GM’s sustainability strategy is led at the enterprise level to ensure a holistic approach across the company.
Sustainability is overseen by the Board. GM’s sustainability strategy is led by senior leaders throughout the organization. Our chief sustainability officer is the enterprisewide leader of sustainability and directs initiatives through the Office of Sustainability. The Office of Sustainability has been strategically designed to ensure accountability for key sustainability targets and initiatives at the highest levels of the company; nurture a culture of sustainability across the organization; track and measure progress through transparent disclosure; and engage with both internal and external stakeholders on relevant matters. The Office of Sustainability leaders are charged with innovating and advocating as well as supporting social responsibility and transparent corporate practices.
Our Sustainability Office uses a “team of teams” approach to help ensure that functional areas across the enterprise have accountability for their respective functions’ role in accelerating the company’s vision. Within each functional area, a single leader represents sustainability objectives and priorities, and owns sustainability goals and metrics. The teams focus on environmental and social aspects of sustainability. For example, a representative from engineering who sources cobalt for battery development works with the representative from supply chain to help ensure cobalt is sourced through strategic partnerships in an ethical manner that respects human rights.
Sustainability Priority Assessment
We prioritize sustainability topics by engaging with our stakeholders to understand those topics most relevant to them and our business, and those that offer the greatest opportunity to create meaningful shared value. This process is formally conducted through an assessment, and we performed our most recent assessment in 2021. We plan to conduct similar assessments every two to three years so that it takes into account emerging sustainability issues, macro events and current dynamics in the world around us.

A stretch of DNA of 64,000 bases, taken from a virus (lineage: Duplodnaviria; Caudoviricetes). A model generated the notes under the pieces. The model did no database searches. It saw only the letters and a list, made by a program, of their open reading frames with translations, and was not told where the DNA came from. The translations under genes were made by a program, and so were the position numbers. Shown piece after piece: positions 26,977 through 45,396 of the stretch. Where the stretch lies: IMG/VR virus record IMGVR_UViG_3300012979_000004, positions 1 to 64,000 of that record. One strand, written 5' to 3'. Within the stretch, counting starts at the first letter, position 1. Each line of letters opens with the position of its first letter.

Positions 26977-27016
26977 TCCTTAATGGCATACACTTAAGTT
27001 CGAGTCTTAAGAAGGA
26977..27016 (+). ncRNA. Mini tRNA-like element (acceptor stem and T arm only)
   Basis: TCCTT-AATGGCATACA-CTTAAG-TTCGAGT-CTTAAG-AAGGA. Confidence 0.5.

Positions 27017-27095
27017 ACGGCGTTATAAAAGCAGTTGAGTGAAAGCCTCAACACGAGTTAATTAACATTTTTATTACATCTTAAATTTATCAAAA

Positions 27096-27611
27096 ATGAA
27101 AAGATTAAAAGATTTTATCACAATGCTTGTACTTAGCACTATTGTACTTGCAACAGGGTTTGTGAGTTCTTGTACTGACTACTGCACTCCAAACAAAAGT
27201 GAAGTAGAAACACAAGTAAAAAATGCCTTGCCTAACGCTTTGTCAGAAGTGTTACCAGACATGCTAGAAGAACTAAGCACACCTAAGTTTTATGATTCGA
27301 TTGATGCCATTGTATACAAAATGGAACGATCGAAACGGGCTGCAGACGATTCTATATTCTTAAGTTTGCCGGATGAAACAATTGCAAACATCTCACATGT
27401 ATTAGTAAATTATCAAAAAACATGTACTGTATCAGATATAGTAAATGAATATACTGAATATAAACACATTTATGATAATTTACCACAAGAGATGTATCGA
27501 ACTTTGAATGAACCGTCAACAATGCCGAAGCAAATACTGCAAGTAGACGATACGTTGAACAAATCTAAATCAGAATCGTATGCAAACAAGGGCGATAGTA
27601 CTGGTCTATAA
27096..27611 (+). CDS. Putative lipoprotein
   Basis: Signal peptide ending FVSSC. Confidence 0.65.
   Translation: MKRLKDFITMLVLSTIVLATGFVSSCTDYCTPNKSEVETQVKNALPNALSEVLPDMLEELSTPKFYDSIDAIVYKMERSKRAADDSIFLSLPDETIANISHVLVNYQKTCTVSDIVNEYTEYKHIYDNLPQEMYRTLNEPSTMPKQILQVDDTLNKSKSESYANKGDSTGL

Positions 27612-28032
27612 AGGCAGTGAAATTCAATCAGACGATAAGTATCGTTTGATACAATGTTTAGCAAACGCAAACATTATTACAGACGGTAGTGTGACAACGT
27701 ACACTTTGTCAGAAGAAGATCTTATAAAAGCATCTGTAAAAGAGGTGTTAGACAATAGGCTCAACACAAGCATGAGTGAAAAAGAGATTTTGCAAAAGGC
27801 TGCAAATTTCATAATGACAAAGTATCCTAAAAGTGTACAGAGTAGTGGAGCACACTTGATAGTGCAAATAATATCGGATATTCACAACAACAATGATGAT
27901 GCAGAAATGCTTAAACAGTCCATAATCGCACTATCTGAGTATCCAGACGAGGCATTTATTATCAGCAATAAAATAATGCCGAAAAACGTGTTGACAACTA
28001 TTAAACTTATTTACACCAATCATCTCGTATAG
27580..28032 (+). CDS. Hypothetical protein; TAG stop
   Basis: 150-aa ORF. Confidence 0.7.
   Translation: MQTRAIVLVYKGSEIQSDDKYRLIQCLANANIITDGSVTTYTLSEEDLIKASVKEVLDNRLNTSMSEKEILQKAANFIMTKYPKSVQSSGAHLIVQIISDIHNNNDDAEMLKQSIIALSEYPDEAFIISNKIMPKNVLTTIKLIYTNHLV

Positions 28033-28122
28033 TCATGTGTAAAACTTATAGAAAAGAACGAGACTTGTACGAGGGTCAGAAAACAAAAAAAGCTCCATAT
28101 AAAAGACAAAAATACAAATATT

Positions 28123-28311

We performed our assessment in collaboration with a third party who guided us through a four-part process aligned with the GRI materiality principle for sustainability reporting.
The placement of priorities within three categories reflects a number of different stakeholder perspectives. The assessment identified six topics as highest priority and therefore urgent for the company to manage. Some topics were not deemed as urgent because stakeholders and management view them as a GM strength today. As an example, we have been working on operational waste, water and energy since 2010 and have robust management systems with a track record of performance in these areas. Still other priorities, such as autonomous technology and the associated ethics around it, are seen more as emerging issues that are likely to grow in importance over time.
Through both the qualitative and quantitative inputs, several stakeholder themes emerged:
- The safety of employees and vehicles remains a top priority and strength for GM as our business model shifts.
- A changing and inclusive employee landscape calls for GM to focus on an equitable transition to an all-electric future that brings along all employees and customers around the world.
- There is high ambition at GM. Both internal and external stakeholders are very supportive of the company’s vision of a world with zero crashes, zero emissions and zero congestion.
- There is an imperative for standardizing the EV ecosystem, underscoring the intersection of such priorities as Product GHG Emissions and EV Infrastructure.
- Responsible innovation should occur across the value chain as new advanced technologies create new business opportunities.